Removal of Liquidator
Removal of Liquidator is not always a simple procedure or popular either. However, if creditors are unhappy with the Liquidator (or any other office-holder) it is open to them to remove him or her from office.
Are you a dissatisfied creditor in a Liquidation or some other insolvency process, seeking to consider how to replace or remove a Liquidator and to have someone else takeover for the creditors?
The Insolvency Act 1986 sets out the requirements in Voluntary Liquidation in Section 171 of the Insolvency Act 1986 and for Compulsory Liquidation the position is set out in Section 172 of the Insolvency Act 1986.
Removal can be effected in the following ways:
- Application to Court
- Requisitioning a Decision Procedure of the Creditors
It is the duty of a liquidator to be efficient, vigorous and unbiased and if the liquidator does not live up to this standard then the court is likely to act without hesistation to remove him or her accordingly.
Application to Court
Application to Court requires what is referred to as ‘just cause’. Removal of Liquidator is not intended to be a procedure capable of being deployed by creditors if they just fancy a changing of the guard or they have fallen out with the Liquidator for reasons unrelated to the Liquidator’s material conduct in the administration of the insolvency estate (Liquidation, Administration, Bankruptcy etc).
It would be very expensive if Liquidators were replaced on a routine basis. Imagine the duplication of effort alone that would be required for a new Liquidator to get up to speed on what has been going on and why the company entered insolvent liquidation. Such costs would be at the expense of all creditors.
Consequently if creditors want to remove the Liquidator then they have to have good reason. But what is good reason?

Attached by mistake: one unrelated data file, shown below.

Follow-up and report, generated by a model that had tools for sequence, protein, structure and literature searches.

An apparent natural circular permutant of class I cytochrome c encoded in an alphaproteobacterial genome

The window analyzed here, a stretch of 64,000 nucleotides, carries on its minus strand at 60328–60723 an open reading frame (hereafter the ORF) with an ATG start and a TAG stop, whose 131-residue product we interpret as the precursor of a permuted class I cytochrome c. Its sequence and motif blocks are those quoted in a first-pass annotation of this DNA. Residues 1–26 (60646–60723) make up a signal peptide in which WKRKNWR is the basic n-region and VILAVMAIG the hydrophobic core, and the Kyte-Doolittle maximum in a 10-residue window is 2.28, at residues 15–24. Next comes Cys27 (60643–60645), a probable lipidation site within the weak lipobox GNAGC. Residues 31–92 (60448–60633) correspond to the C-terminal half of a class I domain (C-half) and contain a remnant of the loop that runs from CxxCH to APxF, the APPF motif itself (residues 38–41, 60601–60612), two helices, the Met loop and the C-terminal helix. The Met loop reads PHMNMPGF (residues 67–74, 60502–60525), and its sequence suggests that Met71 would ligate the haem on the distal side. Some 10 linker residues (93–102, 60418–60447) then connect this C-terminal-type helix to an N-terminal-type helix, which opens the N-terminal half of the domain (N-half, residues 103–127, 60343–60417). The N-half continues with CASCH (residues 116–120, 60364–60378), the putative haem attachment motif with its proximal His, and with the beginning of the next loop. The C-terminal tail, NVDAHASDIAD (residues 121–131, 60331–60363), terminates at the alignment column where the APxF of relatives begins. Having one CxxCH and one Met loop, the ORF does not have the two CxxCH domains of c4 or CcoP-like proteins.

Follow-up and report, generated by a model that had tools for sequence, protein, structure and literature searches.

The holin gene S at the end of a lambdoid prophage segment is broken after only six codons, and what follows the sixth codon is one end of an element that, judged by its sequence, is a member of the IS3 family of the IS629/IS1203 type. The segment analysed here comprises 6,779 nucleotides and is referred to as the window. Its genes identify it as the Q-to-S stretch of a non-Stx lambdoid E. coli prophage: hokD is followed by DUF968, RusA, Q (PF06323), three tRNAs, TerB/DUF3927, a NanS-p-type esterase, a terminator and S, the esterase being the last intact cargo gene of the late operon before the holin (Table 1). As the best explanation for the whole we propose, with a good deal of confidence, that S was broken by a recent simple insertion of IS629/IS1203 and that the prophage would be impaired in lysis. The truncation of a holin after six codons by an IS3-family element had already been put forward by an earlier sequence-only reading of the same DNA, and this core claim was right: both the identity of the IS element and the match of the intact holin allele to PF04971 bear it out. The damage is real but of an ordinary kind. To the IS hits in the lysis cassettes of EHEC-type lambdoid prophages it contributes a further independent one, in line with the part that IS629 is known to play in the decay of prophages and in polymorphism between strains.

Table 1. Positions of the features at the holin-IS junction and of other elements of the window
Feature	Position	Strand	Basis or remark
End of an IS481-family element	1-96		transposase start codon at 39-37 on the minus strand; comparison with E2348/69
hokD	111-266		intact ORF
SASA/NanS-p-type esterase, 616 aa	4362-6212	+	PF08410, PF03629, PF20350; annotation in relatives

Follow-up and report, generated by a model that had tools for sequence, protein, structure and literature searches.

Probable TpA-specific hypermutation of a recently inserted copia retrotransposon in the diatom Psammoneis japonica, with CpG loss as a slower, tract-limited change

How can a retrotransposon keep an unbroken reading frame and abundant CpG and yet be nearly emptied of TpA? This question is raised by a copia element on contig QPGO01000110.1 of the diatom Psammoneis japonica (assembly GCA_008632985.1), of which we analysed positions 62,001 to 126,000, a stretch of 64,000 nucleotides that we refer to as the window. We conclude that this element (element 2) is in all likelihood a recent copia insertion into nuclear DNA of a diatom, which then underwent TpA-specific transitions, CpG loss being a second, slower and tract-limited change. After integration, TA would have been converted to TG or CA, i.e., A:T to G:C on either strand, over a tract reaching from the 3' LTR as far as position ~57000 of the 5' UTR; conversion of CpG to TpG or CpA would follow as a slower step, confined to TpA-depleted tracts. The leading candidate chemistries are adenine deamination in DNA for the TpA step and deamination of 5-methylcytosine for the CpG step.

Good reason or just cause will depend upon the facts of the case. The burden will be on the creditor applicant to show why the Liquidator (or other Office-Holder) ought to be removed.
In general terms the Court will expect that the Liquidator to have been efficient, vigorous and unbiased; if not the Court may exercise its discretion to grant removal. However, an effective and honest liquidator will usually not be removed. Misconduct itself is not a prerequisite for an appliation for removal to succeed.
An example of how the Court viewed “vigour” in a particular case, can be seen in the matter of Re Keypak Homecare Ltd  BCLC 409 where Millett J said:
“If the liquidation had been conducted with any vigour at all, long before now the liquidator would be in a position either to allay the suspicions of the creditors or to lay papers before solicitors with a view to starting proceedings. Such proceedings might well include an application for the appointment of a receiver of Northern Brass Ltd. It need hardly be said that any such proceedings have to be conducted with great speed. Stock which has disappeared from one company is very likely to disappear from another under the same control.“